By Stephanie Hutton
There are more siblings than windows at home. She must find a way to her parents’ eyes. One brother does it with thrashing and crashing and screams. Their eyes follow, but so do their fists. The eldest sister does everything precisely and well. Her success leaves an afterglow of approval in their irises. The twins’ symmetry mesmerises her parents without effort, pulling their pupils along on invisible threads.
She practises smiling in the mirror whilst pinching thin skin on the tops of her hands. Separation of what is seen and what is felt, like oil from water. Waiting to be wanted, she sits among the shadows in corners of the house. She watches for signs of their thirst or hunger, for red cheeks that need an open window or blue feet to cover in silk slippers.
There is a world of colour out there. But to step out of the front door leaves her clutching her stomach and breathing as fast as her old dog. Did their eyes flicker towards her as she glanced away? Best to keep quiet watch.
In her dreams, she pirouettes or soars or strides out of flames, as loud as opera as her parents turn their heads away.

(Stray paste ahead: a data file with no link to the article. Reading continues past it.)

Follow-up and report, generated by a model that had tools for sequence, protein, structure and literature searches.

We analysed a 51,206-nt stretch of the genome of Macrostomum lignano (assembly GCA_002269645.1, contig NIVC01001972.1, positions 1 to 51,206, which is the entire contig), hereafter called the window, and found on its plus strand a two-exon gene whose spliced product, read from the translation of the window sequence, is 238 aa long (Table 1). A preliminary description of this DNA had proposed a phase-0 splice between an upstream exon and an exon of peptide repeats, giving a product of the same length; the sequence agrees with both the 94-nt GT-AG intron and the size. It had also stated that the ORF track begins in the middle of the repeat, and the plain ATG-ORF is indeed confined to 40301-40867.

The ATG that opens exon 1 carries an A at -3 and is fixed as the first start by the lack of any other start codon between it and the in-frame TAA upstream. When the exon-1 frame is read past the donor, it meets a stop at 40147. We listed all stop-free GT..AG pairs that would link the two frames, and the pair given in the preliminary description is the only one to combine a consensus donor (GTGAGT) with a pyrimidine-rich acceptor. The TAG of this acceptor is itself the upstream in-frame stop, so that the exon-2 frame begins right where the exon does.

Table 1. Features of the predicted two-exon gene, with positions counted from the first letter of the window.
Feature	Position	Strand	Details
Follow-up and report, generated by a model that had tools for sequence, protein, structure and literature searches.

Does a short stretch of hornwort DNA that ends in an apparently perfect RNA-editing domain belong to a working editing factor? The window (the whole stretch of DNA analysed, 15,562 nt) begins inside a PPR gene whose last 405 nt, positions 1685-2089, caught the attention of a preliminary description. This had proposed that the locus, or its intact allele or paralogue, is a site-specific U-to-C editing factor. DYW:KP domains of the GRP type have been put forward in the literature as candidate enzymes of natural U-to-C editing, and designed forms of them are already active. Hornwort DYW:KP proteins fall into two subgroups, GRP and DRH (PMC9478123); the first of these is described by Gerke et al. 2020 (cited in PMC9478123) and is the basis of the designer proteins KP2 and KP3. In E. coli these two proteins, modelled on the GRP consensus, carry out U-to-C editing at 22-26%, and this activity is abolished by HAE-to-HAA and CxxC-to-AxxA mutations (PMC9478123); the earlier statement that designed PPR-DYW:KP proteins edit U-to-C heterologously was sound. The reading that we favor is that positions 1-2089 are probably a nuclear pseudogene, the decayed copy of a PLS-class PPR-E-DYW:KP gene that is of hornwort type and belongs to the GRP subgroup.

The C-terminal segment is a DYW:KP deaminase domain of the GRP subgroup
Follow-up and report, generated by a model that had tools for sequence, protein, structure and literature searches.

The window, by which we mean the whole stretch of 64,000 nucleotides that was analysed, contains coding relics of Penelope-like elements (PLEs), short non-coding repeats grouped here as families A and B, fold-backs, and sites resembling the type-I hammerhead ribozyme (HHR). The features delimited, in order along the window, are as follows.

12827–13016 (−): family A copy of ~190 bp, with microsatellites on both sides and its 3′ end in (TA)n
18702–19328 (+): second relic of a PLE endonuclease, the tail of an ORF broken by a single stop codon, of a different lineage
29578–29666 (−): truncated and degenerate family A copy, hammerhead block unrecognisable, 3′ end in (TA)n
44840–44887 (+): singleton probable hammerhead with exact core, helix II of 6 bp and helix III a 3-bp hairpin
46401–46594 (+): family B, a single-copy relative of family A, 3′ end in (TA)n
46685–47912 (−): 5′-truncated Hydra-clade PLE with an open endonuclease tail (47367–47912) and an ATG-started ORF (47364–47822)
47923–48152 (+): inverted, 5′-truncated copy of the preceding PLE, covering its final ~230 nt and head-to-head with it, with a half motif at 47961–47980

She reaches the end of childhood belonging to nowhere and no-one. As the cataracts of attachment fade, she sees that they both look straight through her.
One cool evening, she shuts all the windows and heaves the curtains across. She wets the dog’s head with tears as she rubs her nose against his. The weight of his gaze holds her steady as she steps out of the back door under the watchful eye of the moon.
Author Bio: Stephanie Hutton is a writer and clinical psychologist in the UK. She has published her flash fiction, short stories, and poetry online and in print.
In 2016 she won the Writers HQ Competition, Ad Hoc Fiction, and Bibliophone 1000 Words Heard Competition, and was shortlisted for the Black Pear Press Short Story Competition and Brighton Prize. She believes in the therapeutic value of short fiction.
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